“After so much empty talk about 'more or less Europe' yesterday an important step was taken towards demonstrating in concrete terms what the EU can and must offer its member states and citizens: more security and (a little) less dependence on others' generosity. At the moment it's just good intentions, but a Europe that wants to build its own military infrastructure to be able to take better care of itself is good news for everyone. Also for Nato partners the US and Canada, who have taken care of Europe's security for three-quarters of a century.”

Tages-Anzeiger (CH) / 14 November 2017

More promises from the EU

Tages-Anzeiger, by contrast, warns that the hopes the project has inspired could soon be dashed:

“There is a danger that just like with the unlimited freedom of movement offered by Schengen and the hopes inspired by the single currency, the EU is once again creating expectations that could soon be disappointed. Certainly, almost all member states are on board at the starting line. However their commitments regarding increased cooperation could quickly turn out to be nothing but lip service. As soon as things start to firm up, people in many capitals will no doubt once more start emphasising national sovereignty. And in that case the so-called EU Defence Union will be little more than a paper tiger.”

Rzeczpospolita (PL) / 12 November 2017

Cleverly marketed but no big deal

Jerzy Haszczyński, Rzeczpospolita's foreign affairs editor, isn't too optimistic about Pesco either:

“It's good that Poland is part of the initiative because this will make it easier for it to ensure that the project doesn't endanger Nato's unity. Because Nato, or more specifically the US, is and will remain the guarantor of our security for a long time to come. ... The soldiers of the EU states will continue to wear different uniforms and they won't all use the same munition. ... It would already be progress if a few small units were sent to fight the terrorists in the African desert. Nor will the EU ever be a nuclear superpower that could counter Russia's strength. ... Pesco is a modest project that will be pitched as a huge success.”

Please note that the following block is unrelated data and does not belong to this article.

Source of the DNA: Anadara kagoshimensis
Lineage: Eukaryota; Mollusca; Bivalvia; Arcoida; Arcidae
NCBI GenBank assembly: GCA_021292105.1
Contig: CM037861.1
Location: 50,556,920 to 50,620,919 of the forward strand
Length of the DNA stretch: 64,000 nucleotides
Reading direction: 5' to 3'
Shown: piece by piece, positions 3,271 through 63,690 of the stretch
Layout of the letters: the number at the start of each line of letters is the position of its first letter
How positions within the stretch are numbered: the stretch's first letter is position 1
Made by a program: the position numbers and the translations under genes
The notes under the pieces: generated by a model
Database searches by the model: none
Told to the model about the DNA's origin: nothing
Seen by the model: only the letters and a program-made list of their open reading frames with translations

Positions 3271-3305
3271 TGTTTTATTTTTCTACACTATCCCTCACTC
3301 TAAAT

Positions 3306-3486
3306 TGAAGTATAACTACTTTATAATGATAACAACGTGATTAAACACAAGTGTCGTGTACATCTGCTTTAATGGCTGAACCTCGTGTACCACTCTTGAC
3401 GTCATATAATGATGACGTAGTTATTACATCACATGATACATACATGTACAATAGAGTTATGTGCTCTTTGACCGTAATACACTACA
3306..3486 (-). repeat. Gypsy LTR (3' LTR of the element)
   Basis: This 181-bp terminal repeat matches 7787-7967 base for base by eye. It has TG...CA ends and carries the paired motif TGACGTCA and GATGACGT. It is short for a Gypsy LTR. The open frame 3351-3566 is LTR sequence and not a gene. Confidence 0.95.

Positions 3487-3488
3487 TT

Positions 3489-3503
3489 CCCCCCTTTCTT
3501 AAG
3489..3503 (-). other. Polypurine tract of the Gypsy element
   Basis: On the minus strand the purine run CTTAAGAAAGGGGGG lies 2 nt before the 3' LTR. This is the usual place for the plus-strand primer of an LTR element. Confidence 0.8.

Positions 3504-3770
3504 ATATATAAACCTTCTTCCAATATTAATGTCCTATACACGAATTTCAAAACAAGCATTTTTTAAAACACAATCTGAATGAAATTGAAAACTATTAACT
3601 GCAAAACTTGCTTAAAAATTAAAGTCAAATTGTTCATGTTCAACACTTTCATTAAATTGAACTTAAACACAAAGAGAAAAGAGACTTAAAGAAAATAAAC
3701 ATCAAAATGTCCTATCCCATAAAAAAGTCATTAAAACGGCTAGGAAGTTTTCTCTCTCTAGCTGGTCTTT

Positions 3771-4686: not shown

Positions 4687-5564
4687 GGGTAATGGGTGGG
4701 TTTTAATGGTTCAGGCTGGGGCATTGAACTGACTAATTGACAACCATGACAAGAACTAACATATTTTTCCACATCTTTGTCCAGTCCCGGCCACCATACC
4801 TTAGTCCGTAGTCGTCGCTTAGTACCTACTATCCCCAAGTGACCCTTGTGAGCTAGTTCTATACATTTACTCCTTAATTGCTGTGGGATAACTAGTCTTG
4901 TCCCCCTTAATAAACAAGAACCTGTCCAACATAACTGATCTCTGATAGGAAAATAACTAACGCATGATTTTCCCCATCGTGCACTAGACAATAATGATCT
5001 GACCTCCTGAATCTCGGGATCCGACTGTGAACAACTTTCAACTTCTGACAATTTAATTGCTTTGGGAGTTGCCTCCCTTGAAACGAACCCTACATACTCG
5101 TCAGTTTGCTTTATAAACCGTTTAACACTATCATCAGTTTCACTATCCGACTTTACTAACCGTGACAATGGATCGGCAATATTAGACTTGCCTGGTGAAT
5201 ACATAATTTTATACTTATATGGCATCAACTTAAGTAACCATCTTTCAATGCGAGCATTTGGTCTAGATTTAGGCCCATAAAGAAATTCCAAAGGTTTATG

Kurier (AT) / 14 November 2017

We can always pull out

Kurier uses the example of Austria to highlight how the EU member states aren't really serious about joint defence:

“Joining in the project that goes by the name 'Permanent Structured Cooperation' (Pesco) entails little risk for Austria: it gets to benefit from the competence and achievements of others while contributing its own best practice experiences without any risks, for example in the area of mountain infantry training. For now, that is. Because the long term goal of the EU is a proper defence union. And if France had its way all the preliminary steps for putting together joint combat units would already be under way. Vienna is therefore acting according to the convenient motto: it's good to join in from the beginning. We can always pull out - thanks to our neutrality.”